Zion National Park: A lesson in how you look at things



Thin clouds hugging the tops of Zion's rock monoliths.

A mystical afternoon in Zion when the clouds hugged the rocks after a rainstorm.

We left Bryce Canyon in a rain/hail/snow storm and headed on to Zion. And we found almost unrelenting rain in Zion. We found a site in the South Campground, set up the tent, and started lunch before the downpour was upon us again. We went to the visitor’s center to mill around and inquire about backpacking. We went into the town of Springdale to buy a few things at the outrageously-priced supermarket. We went in search of firewood in case things cleared up. We found a cute coffee shop and got a treat. Then, the clouds broke again and we decided to go hiking. By the time we got to the visitor’s center to catch the shuttle to the trailhead, it was pouring rain harder than before. Then we sat in the car, trying to decide what to do. Then we drove back to the campground where I sat in the car, writing, and Alex rigged up two tarps over our tent to try and create a cooking space.

I must admit, on one hand I felt extremely wimpy and lame being deterred from a short hike because of a non-threatening rainstorm. But, on the other hand the thought of going out to knowingly get drenched and cold and then come back to sleep in a tent when it’s in the 20’s at night sounded…well, not like vacation at all.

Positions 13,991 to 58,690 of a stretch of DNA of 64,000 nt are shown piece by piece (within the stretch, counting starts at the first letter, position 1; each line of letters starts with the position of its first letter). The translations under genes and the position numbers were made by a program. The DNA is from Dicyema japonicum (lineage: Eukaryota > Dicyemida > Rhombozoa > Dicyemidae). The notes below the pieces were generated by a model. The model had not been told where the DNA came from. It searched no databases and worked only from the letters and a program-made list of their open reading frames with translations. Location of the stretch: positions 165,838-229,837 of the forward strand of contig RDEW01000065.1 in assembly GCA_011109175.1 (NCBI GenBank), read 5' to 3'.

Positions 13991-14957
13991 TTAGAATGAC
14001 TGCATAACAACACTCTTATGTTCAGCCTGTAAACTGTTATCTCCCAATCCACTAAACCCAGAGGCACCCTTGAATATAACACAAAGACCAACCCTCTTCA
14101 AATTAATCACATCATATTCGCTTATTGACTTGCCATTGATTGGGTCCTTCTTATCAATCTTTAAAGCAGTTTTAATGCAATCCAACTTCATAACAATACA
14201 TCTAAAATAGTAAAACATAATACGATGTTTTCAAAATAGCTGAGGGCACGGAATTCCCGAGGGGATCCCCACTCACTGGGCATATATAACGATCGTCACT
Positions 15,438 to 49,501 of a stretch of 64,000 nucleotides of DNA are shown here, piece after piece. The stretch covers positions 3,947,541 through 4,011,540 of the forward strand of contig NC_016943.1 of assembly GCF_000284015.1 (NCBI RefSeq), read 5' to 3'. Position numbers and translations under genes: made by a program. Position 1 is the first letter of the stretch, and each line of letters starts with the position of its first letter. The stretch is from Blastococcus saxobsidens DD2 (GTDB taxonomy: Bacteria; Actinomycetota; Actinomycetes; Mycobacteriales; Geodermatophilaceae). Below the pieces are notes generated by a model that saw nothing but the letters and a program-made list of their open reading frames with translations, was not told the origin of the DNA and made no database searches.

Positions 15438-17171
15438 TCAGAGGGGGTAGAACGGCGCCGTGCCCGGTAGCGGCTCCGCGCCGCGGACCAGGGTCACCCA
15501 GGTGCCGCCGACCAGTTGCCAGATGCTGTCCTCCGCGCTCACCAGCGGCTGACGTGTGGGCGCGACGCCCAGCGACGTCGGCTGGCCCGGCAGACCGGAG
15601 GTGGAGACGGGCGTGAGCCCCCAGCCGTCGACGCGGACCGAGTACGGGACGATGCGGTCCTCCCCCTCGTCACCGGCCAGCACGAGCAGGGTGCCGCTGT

“This feels like a waste of a day,” I told Alex as we sat in the car eating copious amounts of jellybeans.

In the early evening it stopped raining. We went for a drive.

The clouds were low over Zion’s red and black monoliths. A mist dropped into crevices in the rock and rain drops lingered on the plants. As we took in Zion after the rains, I could feel my attitude changing. Something in us made us look at the park in a reminiscent light: it felt like East Africa and a Costa Rican jungle cloud forest all at once. I have no idea why, and as all the good feelings of those places jostled around in me, I didn’t care to figure it out. We couldn’t stop looking up as the clouds shifted, hugging the rocks even tighter. The park was quiet and big and mysterious in its cloud cloak.

With the rock faces as backdrops we started taking silly pictures, just passing OLYMPUS DIGITAL CAMERAthe time with no schedule or obligations to stick to. It was, in the end, probably my favorite day in Zion, beautiful and simple like a new place should be.





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